In this toolbox we will discuss grounding.
If a crane, concrete pump or piling rig could hit the overhead line if it topples, a grounding system needs to be put in place. This grounding system protects employees if the crane collapses and lands on the overhead line. Compared to a fuse being blown at home, it is different when it comes to an overhead line. The power (1800 V or 25 kV) might stay on it.
An expert (installation and work supervisor based on ProRail guideline RLN00128-2) must establish if a grounding system is required. Only this person can grant a potential exemption.
This needs to be established well before the work is started. This way, measures can be taken in a timely manner and work can be done/carried out safely.
If a crane is equipped with a grounding cable and the crane has to be driven/moved, help guide the cable so it does not get detached or broken.
If the crane is detached from the rail, inform the site manager and use another grounding point.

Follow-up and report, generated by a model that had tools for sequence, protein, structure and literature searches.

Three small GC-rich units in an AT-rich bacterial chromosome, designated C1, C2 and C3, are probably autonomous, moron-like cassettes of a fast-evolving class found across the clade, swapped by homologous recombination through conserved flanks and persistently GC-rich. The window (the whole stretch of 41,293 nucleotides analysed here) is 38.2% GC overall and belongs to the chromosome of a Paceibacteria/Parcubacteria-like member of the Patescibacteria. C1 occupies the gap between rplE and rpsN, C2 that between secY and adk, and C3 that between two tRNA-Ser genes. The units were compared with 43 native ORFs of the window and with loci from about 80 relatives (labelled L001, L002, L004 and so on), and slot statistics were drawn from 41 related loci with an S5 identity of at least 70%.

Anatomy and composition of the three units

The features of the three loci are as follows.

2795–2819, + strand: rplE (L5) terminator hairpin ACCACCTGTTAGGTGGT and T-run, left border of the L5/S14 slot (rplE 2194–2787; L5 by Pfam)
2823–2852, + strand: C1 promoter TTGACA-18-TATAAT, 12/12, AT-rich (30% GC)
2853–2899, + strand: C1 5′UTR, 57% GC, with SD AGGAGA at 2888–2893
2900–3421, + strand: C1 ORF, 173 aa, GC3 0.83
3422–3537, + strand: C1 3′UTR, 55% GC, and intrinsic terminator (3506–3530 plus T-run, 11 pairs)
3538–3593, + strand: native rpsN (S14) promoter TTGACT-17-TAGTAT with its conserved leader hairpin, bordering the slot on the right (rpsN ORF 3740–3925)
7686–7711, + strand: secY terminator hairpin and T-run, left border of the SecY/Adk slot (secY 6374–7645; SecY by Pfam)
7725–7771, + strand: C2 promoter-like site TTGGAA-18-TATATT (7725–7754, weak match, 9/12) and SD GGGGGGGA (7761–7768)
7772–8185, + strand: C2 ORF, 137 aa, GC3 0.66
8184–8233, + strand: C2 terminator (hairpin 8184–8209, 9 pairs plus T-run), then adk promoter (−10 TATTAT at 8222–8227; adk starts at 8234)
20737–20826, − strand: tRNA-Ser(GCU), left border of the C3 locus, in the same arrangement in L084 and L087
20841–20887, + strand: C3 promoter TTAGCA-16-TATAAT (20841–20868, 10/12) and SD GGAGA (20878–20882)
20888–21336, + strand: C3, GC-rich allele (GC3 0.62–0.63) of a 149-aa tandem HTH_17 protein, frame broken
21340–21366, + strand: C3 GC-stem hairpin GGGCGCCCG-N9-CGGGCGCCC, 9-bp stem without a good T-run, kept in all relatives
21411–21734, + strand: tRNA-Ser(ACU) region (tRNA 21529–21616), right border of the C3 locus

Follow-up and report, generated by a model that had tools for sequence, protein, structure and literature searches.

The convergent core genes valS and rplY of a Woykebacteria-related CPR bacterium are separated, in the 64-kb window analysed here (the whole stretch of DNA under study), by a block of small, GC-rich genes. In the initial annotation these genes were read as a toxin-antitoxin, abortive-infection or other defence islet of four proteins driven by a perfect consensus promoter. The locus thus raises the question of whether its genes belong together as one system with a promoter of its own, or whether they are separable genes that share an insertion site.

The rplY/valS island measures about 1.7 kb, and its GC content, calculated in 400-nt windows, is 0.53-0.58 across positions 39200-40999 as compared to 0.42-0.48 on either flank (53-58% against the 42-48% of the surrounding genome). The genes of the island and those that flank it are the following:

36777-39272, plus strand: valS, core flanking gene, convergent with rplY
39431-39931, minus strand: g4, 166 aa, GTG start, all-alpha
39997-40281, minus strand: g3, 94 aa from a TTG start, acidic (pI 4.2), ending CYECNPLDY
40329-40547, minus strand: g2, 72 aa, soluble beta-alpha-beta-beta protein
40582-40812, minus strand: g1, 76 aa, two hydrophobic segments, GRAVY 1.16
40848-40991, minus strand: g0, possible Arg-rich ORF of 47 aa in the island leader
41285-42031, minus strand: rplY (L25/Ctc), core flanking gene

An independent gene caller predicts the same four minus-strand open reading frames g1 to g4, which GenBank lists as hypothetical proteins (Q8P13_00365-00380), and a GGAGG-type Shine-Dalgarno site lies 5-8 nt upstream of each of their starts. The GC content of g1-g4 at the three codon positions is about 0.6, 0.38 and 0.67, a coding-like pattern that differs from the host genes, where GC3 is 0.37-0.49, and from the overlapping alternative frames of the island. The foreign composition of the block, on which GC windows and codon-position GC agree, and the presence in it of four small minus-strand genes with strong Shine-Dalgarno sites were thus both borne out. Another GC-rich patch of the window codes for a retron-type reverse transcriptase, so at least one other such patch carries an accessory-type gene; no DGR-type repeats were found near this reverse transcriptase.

In case of lightning, the rule applies that when there is less than 10 seconds between the sound of thunder and the light flash, you must take shelter, for instance in the management cabin. The risk of lightning striking is too big. This risk even increases when there is an overhead line present!
A grounding electrode needs to be installed. This grounding electrode (a pin in the ground or in a sheet pile wall) protects the signalling and other installations. With a grounding electrode in place, the installations are protected in case of lightning striking the machine.
The machine is within falling range of the high-voltage installation (overhead line).
Is the answer: NO. Immediately contact the site manager.
The length of the cable may not exceed 65 metres. This cable must be short-circuit proof and reliable. The connection, that is made in an instant, guarantees that a short-circuit is created in case the machine collapses and hits the overhead line. Furthermore, it is protected against lightning.
In case of an emergency:
Should something fall onto the rail or get stuck on a level crossing! Alert the train driver by waving a red flag or something else. Wild arm gestures and waving your tabard also helps.
Make these gestures standing next to the rail at no less than 1000 metres distance from the incident. Send a colleague in the opposite direction to do the same.
Always see to your own safety and follow the steps on the alarm card!
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